One of the most persistent memes about the drug industry is the contention that pharma spends more on marketing than on R&D. Typically, when enterprising folks try to prove that assertion, they compare SG&A spending to R&D budgets. Of course, SG&A includes general and administrative expenses, not just sales and marketing spend. So, those comparisons are easy to critique.
But now, the BBC has some numbers on marketing spend in particular. Sourced from GlobalData, they show that 9 out of 10 Big Pharma companies do in fact spend more on marketing than on R&D. In some cases, that’s twice as much.
We’ll identify the minority party first: It’s Roche, the $50 billion Swiss drugmaker. According to GlobalData, Roche spent $9.3 billion on R&D last year–$300 million more than it earmarked for marketing. And Roche’s R&D budget is the second-largest in the group.
As for the rest? The biggest marketing premium belonged to Johnson & Johnson, with $17.5 billion in marketing spending, more than double its $8.2 billion in R&D costs. J&J has a big consumer division, with store-shelf products like baby shampoo and dental floss, which could skew the numbers toward marketing.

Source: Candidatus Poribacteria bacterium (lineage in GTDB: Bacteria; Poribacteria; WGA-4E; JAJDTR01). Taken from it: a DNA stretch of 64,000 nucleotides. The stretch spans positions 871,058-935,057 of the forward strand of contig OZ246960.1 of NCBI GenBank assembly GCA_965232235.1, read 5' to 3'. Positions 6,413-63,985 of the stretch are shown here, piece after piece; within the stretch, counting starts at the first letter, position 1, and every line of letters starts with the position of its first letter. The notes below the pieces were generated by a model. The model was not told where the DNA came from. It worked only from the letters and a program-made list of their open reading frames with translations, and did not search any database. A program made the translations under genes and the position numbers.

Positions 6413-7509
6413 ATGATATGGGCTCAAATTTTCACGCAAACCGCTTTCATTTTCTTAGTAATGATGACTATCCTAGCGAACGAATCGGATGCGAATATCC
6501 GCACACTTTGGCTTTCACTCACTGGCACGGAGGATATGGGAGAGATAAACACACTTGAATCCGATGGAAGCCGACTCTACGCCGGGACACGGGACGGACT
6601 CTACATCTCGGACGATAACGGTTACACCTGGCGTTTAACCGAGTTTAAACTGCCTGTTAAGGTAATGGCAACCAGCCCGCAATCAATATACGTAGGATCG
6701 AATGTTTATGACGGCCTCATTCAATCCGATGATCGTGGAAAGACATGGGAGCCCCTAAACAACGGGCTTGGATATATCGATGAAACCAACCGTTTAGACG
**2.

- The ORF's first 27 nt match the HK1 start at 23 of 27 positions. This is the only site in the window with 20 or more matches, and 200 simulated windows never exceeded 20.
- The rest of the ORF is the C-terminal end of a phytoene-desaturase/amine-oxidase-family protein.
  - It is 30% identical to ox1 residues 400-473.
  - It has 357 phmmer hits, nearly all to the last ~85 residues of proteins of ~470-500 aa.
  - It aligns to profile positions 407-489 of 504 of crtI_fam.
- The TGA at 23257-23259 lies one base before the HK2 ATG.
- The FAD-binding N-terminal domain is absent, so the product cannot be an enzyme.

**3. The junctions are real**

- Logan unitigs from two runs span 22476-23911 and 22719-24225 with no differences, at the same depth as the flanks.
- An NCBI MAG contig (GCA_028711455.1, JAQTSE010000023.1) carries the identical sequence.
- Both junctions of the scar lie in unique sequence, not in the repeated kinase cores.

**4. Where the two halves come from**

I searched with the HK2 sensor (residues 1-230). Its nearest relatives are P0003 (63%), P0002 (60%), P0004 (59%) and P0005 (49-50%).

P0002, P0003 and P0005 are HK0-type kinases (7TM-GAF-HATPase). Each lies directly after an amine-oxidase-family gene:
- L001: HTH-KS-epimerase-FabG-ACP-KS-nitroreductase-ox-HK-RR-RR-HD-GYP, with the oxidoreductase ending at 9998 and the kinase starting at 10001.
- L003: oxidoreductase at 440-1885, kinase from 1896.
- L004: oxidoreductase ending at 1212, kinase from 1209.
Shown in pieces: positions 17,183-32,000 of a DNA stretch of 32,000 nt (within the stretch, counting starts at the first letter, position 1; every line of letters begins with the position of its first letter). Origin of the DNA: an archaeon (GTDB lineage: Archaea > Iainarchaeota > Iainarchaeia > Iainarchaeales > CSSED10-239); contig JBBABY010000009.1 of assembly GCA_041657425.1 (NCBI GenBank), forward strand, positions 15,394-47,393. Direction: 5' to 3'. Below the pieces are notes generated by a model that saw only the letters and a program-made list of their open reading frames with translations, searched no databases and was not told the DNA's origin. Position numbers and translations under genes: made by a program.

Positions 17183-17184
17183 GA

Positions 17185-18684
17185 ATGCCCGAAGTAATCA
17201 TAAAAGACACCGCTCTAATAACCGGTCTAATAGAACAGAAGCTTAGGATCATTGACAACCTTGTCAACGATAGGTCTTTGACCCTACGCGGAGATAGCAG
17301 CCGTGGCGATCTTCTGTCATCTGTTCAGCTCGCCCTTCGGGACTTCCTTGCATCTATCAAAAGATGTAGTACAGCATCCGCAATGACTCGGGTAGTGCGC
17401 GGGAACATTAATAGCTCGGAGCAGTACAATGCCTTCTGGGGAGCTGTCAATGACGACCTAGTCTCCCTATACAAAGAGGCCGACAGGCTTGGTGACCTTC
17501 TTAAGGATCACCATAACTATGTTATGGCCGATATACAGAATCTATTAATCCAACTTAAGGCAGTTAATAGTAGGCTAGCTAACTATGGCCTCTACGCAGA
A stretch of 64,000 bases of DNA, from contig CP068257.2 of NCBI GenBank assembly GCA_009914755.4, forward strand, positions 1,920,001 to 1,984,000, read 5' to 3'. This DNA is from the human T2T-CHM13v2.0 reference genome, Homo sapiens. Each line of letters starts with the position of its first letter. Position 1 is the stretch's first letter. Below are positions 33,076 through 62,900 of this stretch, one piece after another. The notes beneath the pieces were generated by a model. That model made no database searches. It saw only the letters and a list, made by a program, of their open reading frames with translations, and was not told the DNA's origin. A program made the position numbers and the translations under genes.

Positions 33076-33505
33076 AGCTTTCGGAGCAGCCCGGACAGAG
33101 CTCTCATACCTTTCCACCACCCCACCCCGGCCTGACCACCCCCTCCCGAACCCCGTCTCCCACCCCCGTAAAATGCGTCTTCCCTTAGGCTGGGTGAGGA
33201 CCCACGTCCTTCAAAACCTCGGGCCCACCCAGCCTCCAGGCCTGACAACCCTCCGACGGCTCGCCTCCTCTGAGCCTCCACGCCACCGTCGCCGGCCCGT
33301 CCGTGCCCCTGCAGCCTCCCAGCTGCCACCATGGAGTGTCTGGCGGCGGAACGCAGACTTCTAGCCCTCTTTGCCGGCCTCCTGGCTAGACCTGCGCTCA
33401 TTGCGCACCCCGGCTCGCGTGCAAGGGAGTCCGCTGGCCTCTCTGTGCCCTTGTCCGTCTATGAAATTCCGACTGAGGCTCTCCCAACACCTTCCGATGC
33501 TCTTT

Next in line is Pfizer, long known for its marketing muscle. The drugmaker plowed $11.4 billion into marketing in 2013, $4.8 billion more than it spent on R&D–a difference of 72%. AstraZeneca is close behind with a 70% difference. The U.K.-based company put $7.3 billion toward marketing last year, and $4.3 billion into R&D. AstraZeneca has been pumping up marketing behind products such as its blood-thinner Brilinta as it preps for the onslaught of Nexium copycats.
The next 5 range from a 47% difference in favor of R&D on the high end–Novartis, with $14.6 billion in marketing spending–to 27% on the low end. The latter is Merck, with $9.5 billion allocated to marketing and $7.5 billion to R&D.
Then there’s Eli Lilly, with a mere $200 million premium to the marketing side. Its marketing spending clocked in at $5.7 billion, compared with $5.5 billion for R&D. That’s a difference of just 7%.
Over the past several years, Big Pharma has caught a lot of flak for unproductive R&D. Major drugmakers have restructured their R&D operations, cutting jobs, jettisoning programs and consolidating labs. The aim: To make R&D more nimble and more productive, with a better return on investment than the industry had delivered in previous years.
But companies have been cutting marketing expenses, too. Sales forces around the world have shrunk by the thousands as drugmakers slashed costs to prepare for the patent cliff. The industry’s move toward specialty meds has also prompted cuts, with more tightly focused drugs requiring fewer reps on the ground.
It’s worth noting that the lone standout, Roche, is among the more specialized companies, with its biggest guns in oncology, plus infectious disease and immunology. Few of its drugs are mass-market products. It’s near the bottom of the list when it comes to DTC ad spending. Pfizer and AstraZeneca, on the other hand, have broad ranges of drugs targeted to large populations. To reach their target audiences–primary care doctors and patients included–they have to spend more.
By Tracy Staton